Opening day 2008. My Toronto Blue Jays were rained out at Yankee Stadium, so I must wait one more day for the season to begin. Every spring the start of the baseball season is pretty significant for me, since it’s the only real professional sport that I follow consistently from beginning to end. It was easy for me to get hooked as a small boy, since Toronto was building momentum through the 1980s to emerge in the early 1990s as the team to beat. I was fortunate enough to be at the All Star Game at Sky Dome in ’91 and witnessed Joe Carter’s game-winning blast in Game Six of the ’93 Series from six rows up on the third base line.
I remember feeling the roar of the crowd as the ball sailed over the left field wall. I was thirteen and haven’t experienced anything like that since.
My love of the game is simple. It’s a game of precision and concision. It isn’t afraid to take its time. There’s a genuine sense of excitement when a pitcher goes 3-2 and has the crowd on the edge of their seats, and then fires a third strike to end the inning or the game.
And each year it begins again with a clean slate. This is when you hear the smattering of fans proclaiming, “This is the year we go all the way.” By mid-season their tune changes slightly: “We’ll take the division.” By September, it’s “There’s always next year.” And so that’s basically been my experience with the Jays since 1994. Of course, if you were to ask me today, I’d be lying if I thought this year wasn’t the year we take the AL East.
Waiting for the rain delay to end — which it never did — I thought about the ways in which baseball has been portrayed in the movies. Which obviously got me onto considering my favorite baseball movies. I realized that some were about baseball, while others only mentioned the game or used it as a set piece for certain scenes.
There’s Major League (1989) — by far the funniest movie about baseball. Pedro Cerrano yelling at his voodoo doll is worth the price of admission: “I stuck up for you Jobu. You no help me now…I say fuck you Jobu. I do it myself.” The Naked Gun (1987) features a climactic scene at a baseball game that is pretty memorable — remember Enrico Pallazzo? As a kid I couldn’t help but love Rookie of the Year (1993). And more recently I re-discovered Eight Men Out (1988), The Bad News Bears (1976), and Bull Durham (1988).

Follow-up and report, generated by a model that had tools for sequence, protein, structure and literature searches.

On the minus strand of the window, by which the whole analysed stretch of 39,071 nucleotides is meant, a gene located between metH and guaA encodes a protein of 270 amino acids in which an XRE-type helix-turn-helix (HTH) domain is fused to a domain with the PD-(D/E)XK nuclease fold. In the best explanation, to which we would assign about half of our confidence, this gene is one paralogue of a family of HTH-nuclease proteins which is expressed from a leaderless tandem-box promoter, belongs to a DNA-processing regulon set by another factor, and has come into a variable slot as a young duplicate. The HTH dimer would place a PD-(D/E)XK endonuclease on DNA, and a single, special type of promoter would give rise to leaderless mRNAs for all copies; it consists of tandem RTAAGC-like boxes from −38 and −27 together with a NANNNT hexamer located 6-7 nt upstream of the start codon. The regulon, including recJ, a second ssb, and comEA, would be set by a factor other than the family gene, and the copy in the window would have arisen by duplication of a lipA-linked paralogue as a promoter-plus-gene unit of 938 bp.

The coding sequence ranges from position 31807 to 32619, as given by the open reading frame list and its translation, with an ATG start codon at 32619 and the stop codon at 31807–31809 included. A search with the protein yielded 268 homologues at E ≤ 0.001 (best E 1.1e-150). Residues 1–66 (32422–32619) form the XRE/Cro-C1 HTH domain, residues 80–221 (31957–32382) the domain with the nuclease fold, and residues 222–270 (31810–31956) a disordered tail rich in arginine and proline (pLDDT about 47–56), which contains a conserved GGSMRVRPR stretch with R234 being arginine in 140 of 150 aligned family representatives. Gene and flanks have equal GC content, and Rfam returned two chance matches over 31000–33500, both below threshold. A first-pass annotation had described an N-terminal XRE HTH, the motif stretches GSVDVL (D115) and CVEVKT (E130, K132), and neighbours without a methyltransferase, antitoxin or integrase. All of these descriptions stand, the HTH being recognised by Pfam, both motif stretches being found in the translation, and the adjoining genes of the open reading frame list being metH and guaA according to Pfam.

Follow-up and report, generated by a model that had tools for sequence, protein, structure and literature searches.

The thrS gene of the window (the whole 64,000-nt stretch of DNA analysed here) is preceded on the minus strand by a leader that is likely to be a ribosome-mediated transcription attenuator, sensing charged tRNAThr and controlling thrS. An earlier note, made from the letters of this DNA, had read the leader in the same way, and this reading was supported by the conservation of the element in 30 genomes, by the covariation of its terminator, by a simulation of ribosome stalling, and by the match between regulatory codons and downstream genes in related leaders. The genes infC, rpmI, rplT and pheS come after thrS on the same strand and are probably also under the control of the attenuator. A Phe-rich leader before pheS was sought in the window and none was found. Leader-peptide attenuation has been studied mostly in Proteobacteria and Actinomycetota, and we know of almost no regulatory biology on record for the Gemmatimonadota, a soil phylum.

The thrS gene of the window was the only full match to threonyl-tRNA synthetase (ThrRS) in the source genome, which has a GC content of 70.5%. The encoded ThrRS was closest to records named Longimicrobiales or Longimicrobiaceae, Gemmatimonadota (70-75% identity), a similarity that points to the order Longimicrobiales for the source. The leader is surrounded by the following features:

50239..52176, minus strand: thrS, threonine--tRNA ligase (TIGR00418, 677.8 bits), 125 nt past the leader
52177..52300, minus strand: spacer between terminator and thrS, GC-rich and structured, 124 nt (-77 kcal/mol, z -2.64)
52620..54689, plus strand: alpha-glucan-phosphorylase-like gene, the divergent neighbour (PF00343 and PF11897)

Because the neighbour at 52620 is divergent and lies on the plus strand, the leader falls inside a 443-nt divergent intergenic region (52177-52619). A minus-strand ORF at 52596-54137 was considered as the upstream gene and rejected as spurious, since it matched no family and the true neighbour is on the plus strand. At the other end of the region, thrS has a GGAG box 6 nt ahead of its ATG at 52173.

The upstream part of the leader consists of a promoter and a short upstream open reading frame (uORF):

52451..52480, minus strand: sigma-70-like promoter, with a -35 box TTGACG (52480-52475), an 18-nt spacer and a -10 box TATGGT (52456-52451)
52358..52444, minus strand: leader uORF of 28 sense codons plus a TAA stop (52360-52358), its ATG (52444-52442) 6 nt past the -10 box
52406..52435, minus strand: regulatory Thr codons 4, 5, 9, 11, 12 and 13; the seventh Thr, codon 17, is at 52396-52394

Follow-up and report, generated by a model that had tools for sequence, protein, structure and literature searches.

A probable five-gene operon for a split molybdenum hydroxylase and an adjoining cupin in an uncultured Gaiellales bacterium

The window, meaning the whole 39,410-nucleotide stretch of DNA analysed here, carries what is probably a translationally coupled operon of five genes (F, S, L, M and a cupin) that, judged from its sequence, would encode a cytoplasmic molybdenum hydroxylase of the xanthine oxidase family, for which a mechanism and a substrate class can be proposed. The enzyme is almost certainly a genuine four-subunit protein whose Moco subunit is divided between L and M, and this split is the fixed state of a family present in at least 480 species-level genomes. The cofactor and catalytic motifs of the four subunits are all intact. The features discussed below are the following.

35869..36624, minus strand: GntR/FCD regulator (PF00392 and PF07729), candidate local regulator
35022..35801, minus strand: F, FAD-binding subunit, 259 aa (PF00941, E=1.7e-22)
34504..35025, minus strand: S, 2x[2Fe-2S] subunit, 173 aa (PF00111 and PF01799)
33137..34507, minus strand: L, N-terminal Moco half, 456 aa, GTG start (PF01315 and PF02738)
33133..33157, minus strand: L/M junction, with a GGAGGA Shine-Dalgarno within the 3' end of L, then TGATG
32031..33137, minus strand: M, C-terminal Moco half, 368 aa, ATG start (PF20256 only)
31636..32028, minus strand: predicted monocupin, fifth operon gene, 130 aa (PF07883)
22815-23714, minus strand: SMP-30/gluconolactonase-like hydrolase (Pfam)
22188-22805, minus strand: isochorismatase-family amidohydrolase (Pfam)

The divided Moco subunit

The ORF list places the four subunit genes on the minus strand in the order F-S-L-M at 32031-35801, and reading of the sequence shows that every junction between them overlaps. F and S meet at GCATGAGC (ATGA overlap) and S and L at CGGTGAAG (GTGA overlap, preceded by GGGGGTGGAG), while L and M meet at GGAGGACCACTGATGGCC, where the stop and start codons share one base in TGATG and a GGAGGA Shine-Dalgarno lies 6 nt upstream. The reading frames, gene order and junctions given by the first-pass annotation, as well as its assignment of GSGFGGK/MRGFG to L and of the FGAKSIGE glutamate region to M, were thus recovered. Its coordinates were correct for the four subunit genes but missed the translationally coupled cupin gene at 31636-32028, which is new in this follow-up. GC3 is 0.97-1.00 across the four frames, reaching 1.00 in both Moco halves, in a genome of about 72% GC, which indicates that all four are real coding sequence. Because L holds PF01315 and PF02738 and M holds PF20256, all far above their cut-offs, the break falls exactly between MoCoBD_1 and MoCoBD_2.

What makes a good baseball movie?
Every year my wife nudges me to read W.P. Kinsella’s baseball novels and short stories, which were inspiring for her. Unfortunately, I still haven’t gotten around to reading Kinsella. But the film adaptation of his novel Shoeless Joe sits atop my list of “favorite baseball movies.”
Field of Dreams captures the spirit of baseball without having to actually show much of the game in action. There are only a few short scenes of play, while the rest of the film wrestles with the philosophical and spiritual textures that the game inspires. The simplicity of the game is romanticized as characters repeatedly ask to “have a catch.” The finale sees Ray Kinsella (Kevin Costner) ask his ghost-father for one last game of catch to mend their broken relationship. This scene defines the “male weepie” status allotted to the film by some critics and non-believers who dismissed the emotional power of baseball — and more significantly the power of having a catch with your old man.
Some have said that the film is about second chances. While it’s hard to dismiss this thematic thread, I tend to think that the film better reflects the sense of renewal that the beginning of every new season brings to players and fans.
It’s hard not to be touched by Terence Mann’s (played by James Earl Jones) monologue late in the film:
“Ray, people will come Ray. They’ll come to Iowa for reasons they can’t even fathom. They’ll turn up your driveway not knowing for sure why they’re doing it. They’ll arrive at your door as innocent as children, longing for the past. Of course, we won’t mind if you look around, you’ll say. It’s only $20 per person. They’ll pass over the money without even thinking about it: for it is money they have and peace they lack. And they’ll walk out to the bleachers; sit in shirtsleeves on a perfect afternoon. They’ll find they have reserved seats somewhere along one of the baselines, where they sat when they were children and cheered their heroes. And they’ll watch the game and it’ll be as if they dipped themselves in magic waters. The memories will be so thick they’ll have to brush them away from their faces. People will come Ray. The one constant through all the years, Ray, has been baseball. America has rolled by like an army of steamrollers. It has been erased like a blackboard, rebuilt and erased again. But baseball has marked the time. This field, this game: it’s a part of our past, Ray. It reminds of us of all that once was good and it could be again. Oh… people will come Ray. People will most definitely come.”
Mann’s poetic refrain is undoubtedly corny, but undeniably touching. It’s about those little moments in the game that shape a lifetime’s worth of memories.